Law Center Asks High Court To Review Health Reform Law Decision
On Wednesday, the Thomas More Law Center of Ann Arbor, Mich., petitioned the U.S. Supreme Court to review and overturn a decision by the Sixth U.S. Circuit Court of Appeals in Cincinnati upholding the individual mandate in the federal health reform law, ReutersÂ reports (Vicini, Reuters, 7/27).
The lawsuit, originally filed in 2010 by TMLC and two individuals, alleges that the commerce clause does not give Congress the authority to compel residents to buy an insurance product.
In June, a three-judge panel of the Sixth Circuit court in a 2-1 decision upheld a lower court ruling that the federal health reform law's individual mandate -- which requires most U.S. residents to purchase insurance or pay a penalty -- is constitutional.
Among the nearly two dozen challenges to the reform law, the decision marked the first time that a mid-level federal court ruled on the overhaul. It also signaled the first victory at the appeals level for the Obama administration in its defense of the law (California Healthline, 6/30). Further, one of the judges that ruled in favor of the overhaul was appointed by a Republican, making him the first such judge to side with the reform lawÂ (AP/Washington Post, 7/27).
Law Center's Petition
The law center's petition to the high court states that if the mandate "is understood to fall within Congress' commerce clause authority, the federal government will have absolute and unfettered power to create complex regulatory schemes to fix every perceived problem imaginable and to do so by ordering private citizens to engage in affirmative acts, under penalty of law" (Carlson, Modern Healthcare, 7/27).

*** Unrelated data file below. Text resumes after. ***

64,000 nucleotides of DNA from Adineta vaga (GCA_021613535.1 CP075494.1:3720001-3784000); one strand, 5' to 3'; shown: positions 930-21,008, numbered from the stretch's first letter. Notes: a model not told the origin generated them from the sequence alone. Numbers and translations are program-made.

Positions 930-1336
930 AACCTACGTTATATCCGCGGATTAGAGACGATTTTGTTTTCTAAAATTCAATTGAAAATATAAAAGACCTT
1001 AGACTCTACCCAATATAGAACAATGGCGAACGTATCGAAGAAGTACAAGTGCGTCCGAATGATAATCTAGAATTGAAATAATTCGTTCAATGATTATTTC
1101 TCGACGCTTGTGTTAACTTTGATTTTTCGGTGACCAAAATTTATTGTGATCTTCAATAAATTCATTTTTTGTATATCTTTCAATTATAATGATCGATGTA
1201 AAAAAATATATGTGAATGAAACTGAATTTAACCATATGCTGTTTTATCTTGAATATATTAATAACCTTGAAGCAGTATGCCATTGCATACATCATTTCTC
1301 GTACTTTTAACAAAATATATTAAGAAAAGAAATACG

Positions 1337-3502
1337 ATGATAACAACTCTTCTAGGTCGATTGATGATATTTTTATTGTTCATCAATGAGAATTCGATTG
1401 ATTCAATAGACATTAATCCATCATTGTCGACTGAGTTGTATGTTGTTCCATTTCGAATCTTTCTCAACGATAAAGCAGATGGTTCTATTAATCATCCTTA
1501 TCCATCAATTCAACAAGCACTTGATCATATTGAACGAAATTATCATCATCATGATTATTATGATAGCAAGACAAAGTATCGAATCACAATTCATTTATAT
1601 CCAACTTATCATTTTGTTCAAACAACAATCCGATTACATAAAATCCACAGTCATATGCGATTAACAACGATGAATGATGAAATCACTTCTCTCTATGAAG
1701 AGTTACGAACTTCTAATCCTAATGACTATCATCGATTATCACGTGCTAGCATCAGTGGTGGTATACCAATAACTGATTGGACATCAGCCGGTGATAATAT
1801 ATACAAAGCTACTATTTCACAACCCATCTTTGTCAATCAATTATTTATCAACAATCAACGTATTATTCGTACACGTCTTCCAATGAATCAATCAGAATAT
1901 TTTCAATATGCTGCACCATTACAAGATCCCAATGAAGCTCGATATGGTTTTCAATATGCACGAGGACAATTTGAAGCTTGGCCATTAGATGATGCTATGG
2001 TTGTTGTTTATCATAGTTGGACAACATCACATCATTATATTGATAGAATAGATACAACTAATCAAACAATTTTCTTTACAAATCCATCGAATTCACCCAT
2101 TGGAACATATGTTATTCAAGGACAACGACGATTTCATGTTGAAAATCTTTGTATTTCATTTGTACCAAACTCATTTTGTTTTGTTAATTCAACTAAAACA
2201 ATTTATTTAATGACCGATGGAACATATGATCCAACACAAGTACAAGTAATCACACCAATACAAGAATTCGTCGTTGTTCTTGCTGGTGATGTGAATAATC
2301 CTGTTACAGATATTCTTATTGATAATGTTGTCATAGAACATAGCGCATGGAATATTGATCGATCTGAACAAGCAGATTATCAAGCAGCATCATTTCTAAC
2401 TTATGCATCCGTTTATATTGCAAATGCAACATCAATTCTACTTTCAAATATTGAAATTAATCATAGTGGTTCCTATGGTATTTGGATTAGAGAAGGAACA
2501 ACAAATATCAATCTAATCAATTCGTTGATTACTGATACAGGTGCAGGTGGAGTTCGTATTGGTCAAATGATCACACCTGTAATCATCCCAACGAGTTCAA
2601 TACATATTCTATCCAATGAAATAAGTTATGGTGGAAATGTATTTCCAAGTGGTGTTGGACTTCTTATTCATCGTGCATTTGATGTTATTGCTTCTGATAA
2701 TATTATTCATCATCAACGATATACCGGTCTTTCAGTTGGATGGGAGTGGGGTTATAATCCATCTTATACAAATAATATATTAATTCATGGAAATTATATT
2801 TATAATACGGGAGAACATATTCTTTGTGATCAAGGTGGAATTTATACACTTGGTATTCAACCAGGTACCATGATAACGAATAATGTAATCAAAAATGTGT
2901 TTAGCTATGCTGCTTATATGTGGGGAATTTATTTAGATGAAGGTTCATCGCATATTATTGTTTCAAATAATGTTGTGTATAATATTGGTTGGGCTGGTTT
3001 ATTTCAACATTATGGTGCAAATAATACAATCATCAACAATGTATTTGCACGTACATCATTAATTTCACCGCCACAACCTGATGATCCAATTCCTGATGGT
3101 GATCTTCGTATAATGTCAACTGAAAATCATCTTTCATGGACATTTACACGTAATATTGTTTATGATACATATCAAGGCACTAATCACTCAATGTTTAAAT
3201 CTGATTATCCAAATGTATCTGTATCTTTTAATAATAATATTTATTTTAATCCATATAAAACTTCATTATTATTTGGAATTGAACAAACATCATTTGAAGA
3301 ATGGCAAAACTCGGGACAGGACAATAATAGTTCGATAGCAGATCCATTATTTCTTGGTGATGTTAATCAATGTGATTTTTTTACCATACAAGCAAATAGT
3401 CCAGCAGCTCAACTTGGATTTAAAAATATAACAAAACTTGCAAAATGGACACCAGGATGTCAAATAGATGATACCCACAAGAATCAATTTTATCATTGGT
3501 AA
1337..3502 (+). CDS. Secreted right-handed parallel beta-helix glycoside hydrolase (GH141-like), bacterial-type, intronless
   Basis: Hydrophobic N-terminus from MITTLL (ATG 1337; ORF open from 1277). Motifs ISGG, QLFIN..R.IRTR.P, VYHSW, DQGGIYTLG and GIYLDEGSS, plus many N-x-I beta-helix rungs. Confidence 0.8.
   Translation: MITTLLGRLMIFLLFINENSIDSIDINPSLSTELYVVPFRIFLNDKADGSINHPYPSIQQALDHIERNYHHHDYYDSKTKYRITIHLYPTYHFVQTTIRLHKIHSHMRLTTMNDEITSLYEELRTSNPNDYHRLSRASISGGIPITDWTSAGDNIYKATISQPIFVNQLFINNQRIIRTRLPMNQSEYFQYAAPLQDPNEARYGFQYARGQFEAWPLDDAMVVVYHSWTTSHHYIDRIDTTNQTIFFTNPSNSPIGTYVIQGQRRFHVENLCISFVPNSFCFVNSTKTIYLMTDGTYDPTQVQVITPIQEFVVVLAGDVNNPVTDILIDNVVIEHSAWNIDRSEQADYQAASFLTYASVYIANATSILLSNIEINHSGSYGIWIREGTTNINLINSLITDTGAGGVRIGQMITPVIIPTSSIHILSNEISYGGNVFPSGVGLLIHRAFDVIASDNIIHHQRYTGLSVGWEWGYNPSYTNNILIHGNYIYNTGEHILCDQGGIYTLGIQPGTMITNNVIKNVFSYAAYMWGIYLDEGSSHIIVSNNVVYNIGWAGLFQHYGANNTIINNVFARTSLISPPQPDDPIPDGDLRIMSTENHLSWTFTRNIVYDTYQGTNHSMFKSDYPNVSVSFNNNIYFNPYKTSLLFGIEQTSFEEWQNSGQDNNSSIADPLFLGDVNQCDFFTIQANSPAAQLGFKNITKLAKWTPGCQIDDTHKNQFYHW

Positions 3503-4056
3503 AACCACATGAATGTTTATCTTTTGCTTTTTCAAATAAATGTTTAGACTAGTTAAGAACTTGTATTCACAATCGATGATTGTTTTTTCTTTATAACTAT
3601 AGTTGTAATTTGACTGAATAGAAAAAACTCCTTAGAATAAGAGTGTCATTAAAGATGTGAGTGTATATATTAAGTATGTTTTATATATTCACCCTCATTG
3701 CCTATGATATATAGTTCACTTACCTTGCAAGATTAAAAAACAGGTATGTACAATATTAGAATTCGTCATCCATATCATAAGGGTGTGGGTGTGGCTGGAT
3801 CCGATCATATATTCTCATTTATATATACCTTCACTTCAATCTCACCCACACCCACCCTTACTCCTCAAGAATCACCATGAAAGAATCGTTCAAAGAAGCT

The case is the first of several appeals cases related to the health reform law likely to reach the high court (Reuters, 7/27). Although the court accepts only a fraction of the petitions for oral arguments each year, most legal experts believe the high court ultimately will rule on the overhaul.
The Supreme Court has not yet announced which cases it will consider during its next term, which begins in October (Modern Healthcare, 7/27). According to the AP/Washington Post, the soonest the court would consider the case would be early 2012 (AP/Washington Post, 7/27).This is part of the California Healthline Daily Edition, a summary of health policy coverage from major news organizations. Sign up for an email subscription.